Province issues first fines for zebra mussel contaminated boats in Manitoba

Province issues first fines for zebra mussel contaminated boats in Manitoba
WATCH: Global's Brittany Greenslade looks into the spread of zebra mussels in Lake Winnipeg.

Zebra mussels have been invading Lake Winnipeg since they were first detected in Manitoba waterways in 2013 but it was just within the past few weeks the first ever fine was handed out.

Global News has learned two fines have been levied by Manitoba Conservation officers.

READ MORE: Manitoba community takes zebra mussel fight into their own hands as province fails to issue fines

“This is a critical time for watercraft and water related equipment users, because zebra mussels may have recently spawned and the microscopic veliger life-stage can still be present in invaded waters,” a spokesperson for Manitoba Conservation said.

As of Oct. 2, the province had inspected 8,995 watercrafts in 2017. 11 per cent of those needed to be decontaminated.

60 warnings were handed out by conservation officers but just two tickets.

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However, Manitoba Conservation said it did not have information available on how much those offenders were fined,

Boaters can be fined, at minimum, $252 per specimen, for for every mussel found on their boat. The maximum fine is $100,000.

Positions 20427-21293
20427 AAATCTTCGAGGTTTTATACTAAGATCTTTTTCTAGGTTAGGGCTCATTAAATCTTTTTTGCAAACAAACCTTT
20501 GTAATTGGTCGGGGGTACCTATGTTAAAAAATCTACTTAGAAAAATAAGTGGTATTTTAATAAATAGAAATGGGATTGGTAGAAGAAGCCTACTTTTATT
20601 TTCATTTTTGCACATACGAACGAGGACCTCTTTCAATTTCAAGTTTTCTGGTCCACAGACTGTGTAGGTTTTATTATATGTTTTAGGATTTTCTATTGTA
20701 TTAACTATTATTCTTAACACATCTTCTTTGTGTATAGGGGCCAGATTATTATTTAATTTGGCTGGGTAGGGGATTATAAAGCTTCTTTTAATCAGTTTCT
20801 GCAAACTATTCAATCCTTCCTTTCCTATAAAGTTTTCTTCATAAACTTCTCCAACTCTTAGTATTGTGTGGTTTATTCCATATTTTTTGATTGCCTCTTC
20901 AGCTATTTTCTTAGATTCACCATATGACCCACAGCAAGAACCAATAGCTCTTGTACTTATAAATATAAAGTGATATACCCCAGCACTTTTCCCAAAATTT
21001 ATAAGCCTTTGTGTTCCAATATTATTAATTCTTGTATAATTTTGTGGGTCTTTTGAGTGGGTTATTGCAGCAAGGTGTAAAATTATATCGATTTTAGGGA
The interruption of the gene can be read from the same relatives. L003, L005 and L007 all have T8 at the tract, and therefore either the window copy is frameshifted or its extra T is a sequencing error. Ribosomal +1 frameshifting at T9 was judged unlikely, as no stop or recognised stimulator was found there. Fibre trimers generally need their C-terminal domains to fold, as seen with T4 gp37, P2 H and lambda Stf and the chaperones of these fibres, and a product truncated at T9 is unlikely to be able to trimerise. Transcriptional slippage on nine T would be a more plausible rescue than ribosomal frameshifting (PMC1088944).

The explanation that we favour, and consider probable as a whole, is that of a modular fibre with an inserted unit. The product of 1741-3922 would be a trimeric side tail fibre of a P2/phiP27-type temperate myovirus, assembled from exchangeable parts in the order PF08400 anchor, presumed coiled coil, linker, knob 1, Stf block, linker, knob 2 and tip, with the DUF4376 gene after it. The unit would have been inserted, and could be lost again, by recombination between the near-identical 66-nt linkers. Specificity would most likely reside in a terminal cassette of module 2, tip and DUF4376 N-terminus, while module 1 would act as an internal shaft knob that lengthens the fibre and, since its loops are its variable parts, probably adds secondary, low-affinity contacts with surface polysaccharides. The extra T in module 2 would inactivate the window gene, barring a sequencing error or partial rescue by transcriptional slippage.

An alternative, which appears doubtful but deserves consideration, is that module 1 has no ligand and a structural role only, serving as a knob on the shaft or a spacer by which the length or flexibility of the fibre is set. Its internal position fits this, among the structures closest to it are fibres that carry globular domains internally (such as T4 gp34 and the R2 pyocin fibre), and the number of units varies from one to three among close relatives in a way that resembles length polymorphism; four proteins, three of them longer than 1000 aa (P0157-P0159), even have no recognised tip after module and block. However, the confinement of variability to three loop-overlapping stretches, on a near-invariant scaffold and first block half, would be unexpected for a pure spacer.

“The fines should be levied,” Mayor of the RM of St. Clements Debbie Fiebelkorn said. “It’s legislation. It’s just like speeding down the road. If you get stopped by the RCMP you get a speeding ticket. To me, this is no different.”

Fiebelkorn said residents around Patricia Beach and Beaconia Beach have noticed how bad the zebra mussels have gotten in the past few years.

“We get photos. We get phone call coming in to the office,” she said. “I’ve had people comment to me that they can’t even go for a walk along the shoreline.”

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RELATED: Zebra mussels wash up along Grand Beach, Manitoba

The mayor said those beaches will soon reach a breaking point and the RM will have to figure out where to find the funds to clean them up.

“We haven’t gotten to that point yet but I think that might be a discussion for our budget next year for 2018,” she said.”